A septal defect is a cardiovascular birth defect that occurs when a hole develops in the wall (septum) of the heart. The septum separates the right and left sides of the heart. Septal defects can lead to the improper circulation of blood, making the heart work overtime.
The two most common septal defects are atrial and ventricular.
Atrial septal defect
(ASD) occurs when the wall that separates the upper heart chambers does not close effectively. The result is too much blood moving through the right side of the heart, which can put pressure on the lungs.
Ventricular septal defect
(VSD) occurs when there is a hole (or holes) in the wall that separates the right and left ventricles of the heart. If the hole is big, too much blood will be pumped in the lungs, which often results in heart failure.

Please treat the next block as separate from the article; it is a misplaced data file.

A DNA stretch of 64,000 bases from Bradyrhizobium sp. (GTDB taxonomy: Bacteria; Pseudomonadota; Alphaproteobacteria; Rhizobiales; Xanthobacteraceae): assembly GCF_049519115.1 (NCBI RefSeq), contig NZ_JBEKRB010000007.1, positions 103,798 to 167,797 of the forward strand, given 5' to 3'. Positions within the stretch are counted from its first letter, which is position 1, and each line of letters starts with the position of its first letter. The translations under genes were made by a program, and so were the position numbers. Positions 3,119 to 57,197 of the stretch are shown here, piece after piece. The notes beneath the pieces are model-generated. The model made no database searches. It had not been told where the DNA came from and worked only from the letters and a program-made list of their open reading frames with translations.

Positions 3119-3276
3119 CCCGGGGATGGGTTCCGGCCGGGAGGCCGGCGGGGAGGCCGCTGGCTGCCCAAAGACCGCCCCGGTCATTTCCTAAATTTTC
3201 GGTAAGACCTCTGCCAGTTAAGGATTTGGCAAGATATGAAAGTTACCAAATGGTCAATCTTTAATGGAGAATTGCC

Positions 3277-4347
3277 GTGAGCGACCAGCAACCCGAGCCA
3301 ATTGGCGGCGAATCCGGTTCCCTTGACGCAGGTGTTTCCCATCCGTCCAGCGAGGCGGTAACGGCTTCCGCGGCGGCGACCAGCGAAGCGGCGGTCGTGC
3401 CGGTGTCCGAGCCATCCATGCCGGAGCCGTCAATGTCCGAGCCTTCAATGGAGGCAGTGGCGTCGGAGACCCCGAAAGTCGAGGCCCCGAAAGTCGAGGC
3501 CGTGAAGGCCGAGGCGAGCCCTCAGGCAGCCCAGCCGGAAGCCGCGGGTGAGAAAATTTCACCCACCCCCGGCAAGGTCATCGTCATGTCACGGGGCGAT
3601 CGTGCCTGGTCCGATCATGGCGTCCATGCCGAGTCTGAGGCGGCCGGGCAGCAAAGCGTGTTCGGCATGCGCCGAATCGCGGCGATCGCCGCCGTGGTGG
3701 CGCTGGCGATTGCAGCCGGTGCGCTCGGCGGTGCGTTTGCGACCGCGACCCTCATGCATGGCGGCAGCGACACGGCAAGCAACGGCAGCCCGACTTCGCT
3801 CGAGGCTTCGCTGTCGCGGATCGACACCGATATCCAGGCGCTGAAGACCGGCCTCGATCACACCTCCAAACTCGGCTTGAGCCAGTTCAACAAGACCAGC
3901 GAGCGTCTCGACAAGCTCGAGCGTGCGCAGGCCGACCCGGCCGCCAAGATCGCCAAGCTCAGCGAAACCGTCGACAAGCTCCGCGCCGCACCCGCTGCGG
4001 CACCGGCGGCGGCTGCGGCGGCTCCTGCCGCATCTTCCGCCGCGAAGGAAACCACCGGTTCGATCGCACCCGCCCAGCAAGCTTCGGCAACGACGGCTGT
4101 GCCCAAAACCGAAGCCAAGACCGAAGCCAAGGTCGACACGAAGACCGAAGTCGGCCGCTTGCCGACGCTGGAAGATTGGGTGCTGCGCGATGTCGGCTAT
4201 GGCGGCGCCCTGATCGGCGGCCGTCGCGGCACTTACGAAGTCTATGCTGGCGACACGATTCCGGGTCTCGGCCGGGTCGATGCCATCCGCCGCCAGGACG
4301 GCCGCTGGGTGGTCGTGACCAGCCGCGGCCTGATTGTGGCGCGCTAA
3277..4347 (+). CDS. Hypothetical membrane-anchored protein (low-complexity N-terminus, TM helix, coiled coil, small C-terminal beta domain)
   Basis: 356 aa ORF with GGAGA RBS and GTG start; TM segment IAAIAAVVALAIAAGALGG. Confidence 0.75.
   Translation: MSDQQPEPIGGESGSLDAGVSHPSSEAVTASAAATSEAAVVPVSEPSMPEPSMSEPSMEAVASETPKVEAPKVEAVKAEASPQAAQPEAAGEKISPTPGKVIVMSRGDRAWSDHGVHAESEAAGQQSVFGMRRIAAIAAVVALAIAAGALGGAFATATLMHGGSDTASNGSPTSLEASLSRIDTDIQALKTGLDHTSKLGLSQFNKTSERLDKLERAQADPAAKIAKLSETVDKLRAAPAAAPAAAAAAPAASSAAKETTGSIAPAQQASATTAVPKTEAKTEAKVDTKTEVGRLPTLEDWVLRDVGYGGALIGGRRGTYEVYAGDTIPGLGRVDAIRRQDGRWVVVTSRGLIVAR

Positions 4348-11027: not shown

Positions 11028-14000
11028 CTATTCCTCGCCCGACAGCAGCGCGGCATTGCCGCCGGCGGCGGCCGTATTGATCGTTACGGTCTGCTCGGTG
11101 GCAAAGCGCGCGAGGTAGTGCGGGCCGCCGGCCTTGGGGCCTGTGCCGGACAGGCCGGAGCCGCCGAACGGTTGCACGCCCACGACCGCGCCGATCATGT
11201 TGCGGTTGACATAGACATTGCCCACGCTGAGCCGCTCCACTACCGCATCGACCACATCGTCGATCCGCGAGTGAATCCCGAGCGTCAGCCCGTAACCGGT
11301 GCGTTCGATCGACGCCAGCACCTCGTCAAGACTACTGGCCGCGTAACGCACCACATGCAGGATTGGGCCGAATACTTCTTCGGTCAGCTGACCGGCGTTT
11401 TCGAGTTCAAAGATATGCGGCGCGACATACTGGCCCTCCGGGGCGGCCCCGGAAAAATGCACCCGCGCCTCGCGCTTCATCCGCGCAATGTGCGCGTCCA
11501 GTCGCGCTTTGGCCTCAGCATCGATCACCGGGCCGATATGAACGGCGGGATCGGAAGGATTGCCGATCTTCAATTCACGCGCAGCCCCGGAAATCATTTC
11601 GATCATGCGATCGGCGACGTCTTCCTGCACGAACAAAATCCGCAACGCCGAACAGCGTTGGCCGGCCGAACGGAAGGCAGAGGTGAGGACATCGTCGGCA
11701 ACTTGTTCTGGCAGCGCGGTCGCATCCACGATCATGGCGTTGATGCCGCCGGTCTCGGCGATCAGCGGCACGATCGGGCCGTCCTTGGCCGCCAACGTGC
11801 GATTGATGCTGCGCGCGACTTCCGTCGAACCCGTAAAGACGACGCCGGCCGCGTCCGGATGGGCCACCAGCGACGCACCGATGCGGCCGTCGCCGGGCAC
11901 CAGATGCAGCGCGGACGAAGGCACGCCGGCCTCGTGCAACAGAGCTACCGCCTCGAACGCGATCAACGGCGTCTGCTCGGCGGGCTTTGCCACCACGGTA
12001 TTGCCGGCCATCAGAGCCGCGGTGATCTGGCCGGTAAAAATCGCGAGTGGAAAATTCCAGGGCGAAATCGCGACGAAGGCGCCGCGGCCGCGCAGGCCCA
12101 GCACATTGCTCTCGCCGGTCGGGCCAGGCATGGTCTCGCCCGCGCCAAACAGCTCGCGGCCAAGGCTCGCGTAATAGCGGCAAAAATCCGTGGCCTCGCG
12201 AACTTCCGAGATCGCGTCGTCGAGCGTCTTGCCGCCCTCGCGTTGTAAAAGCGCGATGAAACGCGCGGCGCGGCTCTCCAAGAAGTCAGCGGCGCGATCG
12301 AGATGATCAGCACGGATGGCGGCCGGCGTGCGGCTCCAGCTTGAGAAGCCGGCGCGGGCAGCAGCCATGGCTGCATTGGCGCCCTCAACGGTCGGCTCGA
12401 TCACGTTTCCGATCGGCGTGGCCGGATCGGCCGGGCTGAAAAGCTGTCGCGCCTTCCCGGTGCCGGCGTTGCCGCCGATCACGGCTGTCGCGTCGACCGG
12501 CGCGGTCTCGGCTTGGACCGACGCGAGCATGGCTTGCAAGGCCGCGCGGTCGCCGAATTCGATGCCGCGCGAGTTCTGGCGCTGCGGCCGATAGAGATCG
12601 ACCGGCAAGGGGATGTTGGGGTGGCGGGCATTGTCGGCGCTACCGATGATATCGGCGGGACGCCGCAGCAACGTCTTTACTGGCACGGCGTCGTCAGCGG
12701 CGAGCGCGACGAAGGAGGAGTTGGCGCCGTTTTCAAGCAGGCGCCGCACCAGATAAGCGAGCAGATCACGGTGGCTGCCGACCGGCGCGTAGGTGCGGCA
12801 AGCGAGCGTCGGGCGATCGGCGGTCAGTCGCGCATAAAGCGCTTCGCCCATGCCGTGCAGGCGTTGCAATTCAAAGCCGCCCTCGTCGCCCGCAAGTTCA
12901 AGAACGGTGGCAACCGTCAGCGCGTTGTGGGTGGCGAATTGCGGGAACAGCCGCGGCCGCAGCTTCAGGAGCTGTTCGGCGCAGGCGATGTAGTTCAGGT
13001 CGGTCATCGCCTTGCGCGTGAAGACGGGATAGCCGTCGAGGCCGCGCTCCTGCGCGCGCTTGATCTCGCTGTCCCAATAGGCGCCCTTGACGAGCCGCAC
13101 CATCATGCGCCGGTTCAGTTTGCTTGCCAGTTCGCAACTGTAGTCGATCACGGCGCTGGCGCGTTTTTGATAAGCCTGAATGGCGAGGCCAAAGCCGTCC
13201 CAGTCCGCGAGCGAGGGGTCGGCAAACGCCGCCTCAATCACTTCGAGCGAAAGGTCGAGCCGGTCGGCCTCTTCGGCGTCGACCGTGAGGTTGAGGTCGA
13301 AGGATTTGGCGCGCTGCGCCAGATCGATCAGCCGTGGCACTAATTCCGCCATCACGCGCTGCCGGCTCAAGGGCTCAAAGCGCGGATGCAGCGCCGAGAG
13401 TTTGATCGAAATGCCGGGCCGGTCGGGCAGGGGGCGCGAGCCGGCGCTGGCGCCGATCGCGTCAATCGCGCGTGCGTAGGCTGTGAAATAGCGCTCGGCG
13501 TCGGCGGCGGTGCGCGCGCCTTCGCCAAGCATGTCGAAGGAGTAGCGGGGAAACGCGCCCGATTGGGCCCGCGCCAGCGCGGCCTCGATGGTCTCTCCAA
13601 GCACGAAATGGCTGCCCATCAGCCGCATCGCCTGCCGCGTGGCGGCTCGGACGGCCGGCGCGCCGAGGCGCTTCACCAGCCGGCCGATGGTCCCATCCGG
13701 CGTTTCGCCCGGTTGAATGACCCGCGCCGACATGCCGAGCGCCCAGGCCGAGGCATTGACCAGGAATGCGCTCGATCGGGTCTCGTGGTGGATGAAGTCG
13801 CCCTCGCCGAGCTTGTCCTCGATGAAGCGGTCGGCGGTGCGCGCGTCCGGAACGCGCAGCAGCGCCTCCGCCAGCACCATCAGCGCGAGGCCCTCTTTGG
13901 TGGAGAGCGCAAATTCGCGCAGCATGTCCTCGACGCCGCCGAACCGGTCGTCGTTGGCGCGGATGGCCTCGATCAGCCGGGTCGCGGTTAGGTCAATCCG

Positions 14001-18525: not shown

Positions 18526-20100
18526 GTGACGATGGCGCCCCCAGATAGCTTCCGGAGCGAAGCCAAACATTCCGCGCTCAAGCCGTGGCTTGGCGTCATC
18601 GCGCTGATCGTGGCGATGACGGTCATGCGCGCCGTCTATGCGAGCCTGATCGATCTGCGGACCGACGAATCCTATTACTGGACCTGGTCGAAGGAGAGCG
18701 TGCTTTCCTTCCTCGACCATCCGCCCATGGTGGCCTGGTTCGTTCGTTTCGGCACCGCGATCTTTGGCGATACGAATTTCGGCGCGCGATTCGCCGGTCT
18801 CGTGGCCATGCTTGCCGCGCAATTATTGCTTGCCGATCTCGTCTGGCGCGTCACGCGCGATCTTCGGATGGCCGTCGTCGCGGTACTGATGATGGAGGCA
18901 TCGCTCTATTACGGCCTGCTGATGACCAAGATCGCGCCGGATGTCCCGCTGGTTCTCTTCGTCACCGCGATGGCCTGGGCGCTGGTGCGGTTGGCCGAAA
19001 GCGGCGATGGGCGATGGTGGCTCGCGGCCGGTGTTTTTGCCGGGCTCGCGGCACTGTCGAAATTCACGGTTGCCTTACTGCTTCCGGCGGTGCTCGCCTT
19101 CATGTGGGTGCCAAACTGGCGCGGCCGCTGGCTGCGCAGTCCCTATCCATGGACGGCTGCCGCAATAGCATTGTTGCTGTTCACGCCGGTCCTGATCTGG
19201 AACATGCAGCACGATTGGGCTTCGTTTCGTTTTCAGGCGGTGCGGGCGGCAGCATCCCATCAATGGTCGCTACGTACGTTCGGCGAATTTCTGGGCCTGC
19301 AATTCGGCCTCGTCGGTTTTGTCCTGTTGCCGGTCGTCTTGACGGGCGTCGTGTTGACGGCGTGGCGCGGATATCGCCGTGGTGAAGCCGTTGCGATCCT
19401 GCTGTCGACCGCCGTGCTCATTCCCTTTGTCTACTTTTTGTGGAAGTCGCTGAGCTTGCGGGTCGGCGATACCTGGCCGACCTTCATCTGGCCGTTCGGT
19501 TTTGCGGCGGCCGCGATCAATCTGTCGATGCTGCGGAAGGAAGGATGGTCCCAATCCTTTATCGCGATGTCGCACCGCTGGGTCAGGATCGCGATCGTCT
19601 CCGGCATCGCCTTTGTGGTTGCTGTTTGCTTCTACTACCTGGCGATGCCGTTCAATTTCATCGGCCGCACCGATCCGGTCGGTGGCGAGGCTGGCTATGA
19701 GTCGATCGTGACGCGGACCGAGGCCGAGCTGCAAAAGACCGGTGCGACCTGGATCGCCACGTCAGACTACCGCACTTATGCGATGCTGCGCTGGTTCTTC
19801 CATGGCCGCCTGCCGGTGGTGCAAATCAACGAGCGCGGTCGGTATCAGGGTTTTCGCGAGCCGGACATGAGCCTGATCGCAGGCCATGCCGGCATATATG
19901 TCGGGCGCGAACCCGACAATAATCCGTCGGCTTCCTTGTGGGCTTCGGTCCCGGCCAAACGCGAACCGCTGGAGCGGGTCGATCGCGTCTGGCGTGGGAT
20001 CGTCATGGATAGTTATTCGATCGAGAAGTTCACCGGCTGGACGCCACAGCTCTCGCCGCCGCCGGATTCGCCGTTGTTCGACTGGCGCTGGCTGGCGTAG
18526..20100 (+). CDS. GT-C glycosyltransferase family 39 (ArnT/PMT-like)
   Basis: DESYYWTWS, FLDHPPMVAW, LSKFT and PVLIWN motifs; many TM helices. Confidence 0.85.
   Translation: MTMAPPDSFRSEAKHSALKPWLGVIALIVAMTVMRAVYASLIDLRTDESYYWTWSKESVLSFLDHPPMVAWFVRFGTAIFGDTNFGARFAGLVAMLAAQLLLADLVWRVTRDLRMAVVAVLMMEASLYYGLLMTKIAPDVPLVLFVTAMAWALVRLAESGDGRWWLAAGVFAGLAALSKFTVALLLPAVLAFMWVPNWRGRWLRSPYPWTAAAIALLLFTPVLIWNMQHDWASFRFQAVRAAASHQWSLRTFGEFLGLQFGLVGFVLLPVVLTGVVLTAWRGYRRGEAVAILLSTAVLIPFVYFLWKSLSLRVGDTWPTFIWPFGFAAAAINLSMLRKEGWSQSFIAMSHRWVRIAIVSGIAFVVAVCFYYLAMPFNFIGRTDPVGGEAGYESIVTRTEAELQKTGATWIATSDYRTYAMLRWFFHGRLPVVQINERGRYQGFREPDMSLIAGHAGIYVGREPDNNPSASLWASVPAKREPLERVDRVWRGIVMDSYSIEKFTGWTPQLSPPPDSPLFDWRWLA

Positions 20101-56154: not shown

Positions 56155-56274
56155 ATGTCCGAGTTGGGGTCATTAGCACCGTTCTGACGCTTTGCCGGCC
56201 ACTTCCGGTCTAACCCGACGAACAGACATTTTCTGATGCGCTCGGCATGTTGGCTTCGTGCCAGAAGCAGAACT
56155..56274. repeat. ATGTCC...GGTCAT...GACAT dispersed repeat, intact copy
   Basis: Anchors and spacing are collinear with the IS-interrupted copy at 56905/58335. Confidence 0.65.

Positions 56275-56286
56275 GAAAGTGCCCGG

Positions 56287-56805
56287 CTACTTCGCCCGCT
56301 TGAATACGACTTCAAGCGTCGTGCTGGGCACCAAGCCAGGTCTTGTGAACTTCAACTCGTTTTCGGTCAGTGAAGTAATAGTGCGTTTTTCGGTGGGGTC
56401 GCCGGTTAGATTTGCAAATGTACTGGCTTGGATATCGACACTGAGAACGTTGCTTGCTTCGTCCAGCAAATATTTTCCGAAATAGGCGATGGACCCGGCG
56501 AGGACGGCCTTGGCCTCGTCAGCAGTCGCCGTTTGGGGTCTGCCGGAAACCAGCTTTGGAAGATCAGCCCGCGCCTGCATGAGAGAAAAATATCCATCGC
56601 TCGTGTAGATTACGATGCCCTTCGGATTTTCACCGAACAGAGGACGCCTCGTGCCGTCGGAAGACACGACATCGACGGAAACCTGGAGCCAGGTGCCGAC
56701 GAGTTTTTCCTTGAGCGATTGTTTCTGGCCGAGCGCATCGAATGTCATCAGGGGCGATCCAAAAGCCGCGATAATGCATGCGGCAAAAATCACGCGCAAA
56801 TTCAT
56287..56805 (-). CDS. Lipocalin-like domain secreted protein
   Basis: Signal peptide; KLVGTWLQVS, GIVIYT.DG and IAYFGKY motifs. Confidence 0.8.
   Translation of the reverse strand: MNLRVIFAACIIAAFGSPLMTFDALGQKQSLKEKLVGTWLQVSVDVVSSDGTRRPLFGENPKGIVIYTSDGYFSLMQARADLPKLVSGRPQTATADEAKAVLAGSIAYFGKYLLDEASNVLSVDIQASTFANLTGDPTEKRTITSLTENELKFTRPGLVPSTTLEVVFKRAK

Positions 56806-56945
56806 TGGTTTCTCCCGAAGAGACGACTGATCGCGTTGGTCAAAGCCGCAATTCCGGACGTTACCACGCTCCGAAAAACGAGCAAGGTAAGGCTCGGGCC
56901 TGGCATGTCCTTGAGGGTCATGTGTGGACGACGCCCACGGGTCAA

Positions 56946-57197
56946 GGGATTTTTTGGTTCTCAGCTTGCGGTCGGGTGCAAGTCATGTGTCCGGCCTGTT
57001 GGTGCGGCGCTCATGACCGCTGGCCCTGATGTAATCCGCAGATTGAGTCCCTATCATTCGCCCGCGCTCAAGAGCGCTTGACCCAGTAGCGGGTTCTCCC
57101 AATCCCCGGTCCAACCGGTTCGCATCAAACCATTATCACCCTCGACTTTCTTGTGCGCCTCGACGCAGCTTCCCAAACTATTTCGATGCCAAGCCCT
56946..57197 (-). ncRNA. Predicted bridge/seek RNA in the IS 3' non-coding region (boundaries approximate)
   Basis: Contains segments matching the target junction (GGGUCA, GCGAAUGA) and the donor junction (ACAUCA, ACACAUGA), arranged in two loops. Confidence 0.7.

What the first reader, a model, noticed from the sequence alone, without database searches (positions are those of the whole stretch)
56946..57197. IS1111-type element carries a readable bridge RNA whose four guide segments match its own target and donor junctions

Signs and Symptoms
When the ASD or VSD is large, the most common signs that occur include:
- Difficulty breathing
- Heart murmur
- Frequent respiratory infections
- Failure to gain weight
- Fast heart rate
- Sweating when eating
If the defect is large, the heart is swollen, or symptoms continue to occur, surgical closure of the defect is necessary.
Cardiovascular septal defects form while a fetus is in the womb. Experts believe that genetic factors could play a role in these birth defects. Experts also believe that environmental factors may also play a role. Scientific studies have linked the use of certain antidepressants during pregnancy and an increased risk of certain heart defects, including septal defects.